“Many Kachin refugees have already endured terrible abuses and war in Burma, only to settle into a life of dire struggle in Yunnan,” Richardson said. “Until it is safe for the Kachin to return home, the Chinese government has a responsibility to ensure their safety and well-being.”
Selected accounts from “Isolated in Yunnan”
“After they said the villagers had to return to Burma, the soldiers came again and checked to make sure the villagers left. We replied by saying they went back.... Now, everyone has gone back to Burma. Mostly they went back to the village and some went back to the [displaced persons] camps in Burma. It was after two or three days that the soldiers returned to make sure the villagers were going back. The villagers first arrived June 12, [2011,] and the Chinese allowed us to support them until June 15. That is when they came and said they had to return.”
– Chinese village head, Yunnan Province, China, August 2011
“When we go for a bath in the river, the Chinese authorities always harass us. There is a water-well at the [camp] but there are many people and it’s very crowded, so we have to go to the river to take a bath, and when we go the Chinese authorities always stop us and ask us questions. And they always follow us. They follow behind us and they yell things at us. So we do not feel very secure.”
– Kachin refugee, 19, Yunnan Province, China, November 2011
“Our health has changed since we fled. Now we live in a group, side by side, so sicknesses spread quickly. I never had health problems before, but now I always feel weak and tired, and something is wrong with my stomach. I had to go to the doctor but I couldn’t go to the hospital because I don’t have money.... If one child gets sick, every child gets sick, and we don’t have any medicines. The children have diarrhea and colds constantly.”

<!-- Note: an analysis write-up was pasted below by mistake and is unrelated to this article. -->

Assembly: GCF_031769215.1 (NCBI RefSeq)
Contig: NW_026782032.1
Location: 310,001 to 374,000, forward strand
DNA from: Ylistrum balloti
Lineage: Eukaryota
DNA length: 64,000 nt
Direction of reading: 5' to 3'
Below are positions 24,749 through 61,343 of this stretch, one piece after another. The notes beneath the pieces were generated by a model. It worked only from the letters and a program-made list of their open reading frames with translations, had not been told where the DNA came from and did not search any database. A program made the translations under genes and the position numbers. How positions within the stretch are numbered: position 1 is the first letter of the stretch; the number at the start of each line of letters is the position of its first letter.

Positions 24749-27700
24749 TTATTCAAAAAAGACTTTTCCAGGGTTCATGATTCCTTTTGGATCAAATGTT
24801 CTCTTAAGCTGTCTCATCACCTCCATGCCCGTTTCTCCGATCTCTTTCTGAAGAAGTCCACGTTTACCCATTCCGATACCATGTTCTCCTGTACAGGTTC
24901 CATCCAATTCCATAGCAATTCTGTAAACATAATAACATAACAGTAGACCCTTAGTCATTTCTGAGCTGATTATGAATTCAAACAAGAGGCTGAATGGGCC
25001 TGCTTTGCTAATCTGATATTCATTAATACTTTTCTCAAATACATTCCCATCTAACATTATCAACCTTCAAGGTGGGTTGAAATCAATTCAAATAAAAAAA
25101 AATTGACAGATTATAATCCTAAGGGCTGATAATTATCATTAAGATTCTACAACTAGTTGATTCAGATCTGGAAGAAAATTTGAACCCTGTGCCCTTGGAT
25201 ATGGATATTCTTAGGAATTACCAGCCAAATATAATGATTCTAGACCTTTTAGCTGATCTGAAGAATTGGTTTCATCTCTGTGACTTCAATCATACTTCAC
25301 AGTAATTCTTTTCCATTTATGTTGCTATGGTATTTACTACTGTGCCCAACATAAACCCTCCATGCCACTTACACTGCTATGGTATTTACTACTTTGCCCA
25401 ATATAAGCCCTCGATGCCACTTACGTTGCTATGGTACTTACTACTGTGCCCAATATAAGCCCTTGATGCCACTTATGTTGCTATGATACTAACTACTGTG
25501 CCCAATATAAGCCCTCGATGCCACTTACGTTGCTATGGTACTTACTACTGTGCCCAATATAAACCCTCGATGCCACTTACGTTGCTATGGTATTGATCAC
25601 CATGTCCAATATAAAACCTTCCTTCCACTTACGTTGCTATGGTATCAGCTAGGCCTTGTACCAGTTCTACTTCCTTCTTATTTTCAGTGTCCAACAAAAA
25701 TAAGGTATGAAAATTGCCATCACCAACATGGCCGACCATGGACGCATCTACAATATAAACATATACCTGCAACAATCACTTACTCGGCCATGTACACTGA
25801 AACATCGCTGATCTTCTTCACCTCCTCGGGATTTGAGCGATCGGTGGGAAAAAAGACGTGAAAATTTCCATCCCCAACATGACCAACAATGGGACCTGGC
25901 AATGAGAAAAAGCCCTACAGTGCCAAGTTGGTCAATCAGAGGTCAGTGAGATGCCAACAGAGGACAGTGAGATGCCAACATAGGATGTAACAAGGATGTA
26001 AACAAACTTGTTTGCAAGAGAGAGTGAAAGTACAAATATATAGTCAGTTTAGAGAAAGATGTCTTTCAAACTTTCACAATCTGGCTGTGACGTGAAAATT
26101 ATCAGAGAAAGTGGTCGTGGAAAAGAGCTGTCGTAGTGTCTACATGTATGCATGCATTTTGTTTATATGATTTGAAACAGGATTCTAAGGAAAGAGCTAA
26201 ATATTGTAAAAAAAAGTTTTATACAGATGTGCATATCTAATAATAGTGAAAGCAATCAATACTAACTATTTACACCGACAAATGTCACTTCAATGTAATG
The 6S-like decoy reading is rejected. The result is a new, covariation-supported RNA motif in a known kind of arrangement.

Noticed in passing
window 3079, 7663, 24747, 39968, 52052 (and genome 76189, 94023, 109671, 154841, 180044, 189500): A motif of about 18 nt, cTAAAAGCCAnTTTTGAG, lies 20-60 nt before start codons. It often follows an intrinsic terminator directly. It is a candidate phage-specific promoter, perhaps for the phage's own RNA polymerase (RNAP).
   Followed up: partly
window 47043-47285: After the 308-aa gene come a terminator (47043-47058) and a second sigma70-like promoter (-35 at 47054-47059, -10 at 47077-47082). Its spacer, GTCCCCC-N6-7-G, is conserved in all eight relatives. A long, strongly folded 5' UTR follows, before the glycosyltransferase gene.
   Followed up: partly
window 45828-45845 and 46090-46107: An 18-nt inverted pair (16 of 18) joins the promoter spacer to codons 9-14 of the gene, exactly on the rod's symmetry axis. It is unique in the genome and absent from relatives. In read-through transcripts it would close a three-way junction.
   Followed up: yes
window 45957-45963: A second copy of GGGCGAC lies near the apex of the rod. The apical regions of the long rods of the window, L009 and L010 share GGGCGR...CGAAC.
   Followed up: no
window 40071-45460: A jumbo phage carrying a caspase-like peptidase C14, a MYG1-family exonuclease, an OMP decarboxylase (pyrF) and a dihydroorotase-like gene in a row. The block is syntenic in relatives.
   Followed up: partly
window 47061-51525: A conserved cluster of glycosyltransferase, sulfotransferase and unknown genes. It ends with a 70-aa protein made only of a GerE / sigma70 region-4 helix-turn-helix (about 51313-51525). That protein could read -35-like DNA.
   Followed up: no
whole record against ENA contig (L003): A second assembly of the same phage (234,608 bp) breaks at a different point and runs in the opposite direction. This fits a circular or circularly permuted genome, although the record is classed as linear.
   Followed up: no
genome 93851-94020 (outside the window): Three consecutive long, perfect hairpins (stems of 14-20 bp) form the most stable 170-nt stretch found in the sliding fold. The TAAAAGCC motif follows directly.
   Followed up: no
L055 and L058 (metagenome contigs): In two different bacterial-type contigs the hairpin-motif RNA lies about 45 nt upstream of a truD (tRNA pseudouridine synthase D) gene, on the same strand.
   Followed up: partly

– Kachin refugee, farmer, Yunnan Province, China, November 2011
“I was tested on August 5, 2011 on the street near the border. They asked me, ‘Where are you from?’ I said I was from Burma. One person was wearing a police uniform, but there were about 10 people total. They had one car and one motorbike. They asked me if I was using drugs. I said no, I wasn’t. They made me pee in a small cup in front of them, and then they put something in the cup and said, ‘This says you use drugs.’ Then they said, ‘You have to eradicate the drugs from yourself. You will go to prison.’ Then they sent me to prison.”
– Kachin refugee, 21, Yunnan Province, China, November 2011
“We are facing problems in supporting the needs of the refugees. We are nearly out of money to buy food and medicine.... We have supported them for nine months already with the support of the Kachin community, some communities from Burma, and faith groups. Over the last nine months, we got very limited funds from INGOs [international nongovernmental organizations]. Now local people have limited money to support them again.”
– Kachin aid worker in Yunnan Province, China, March 2012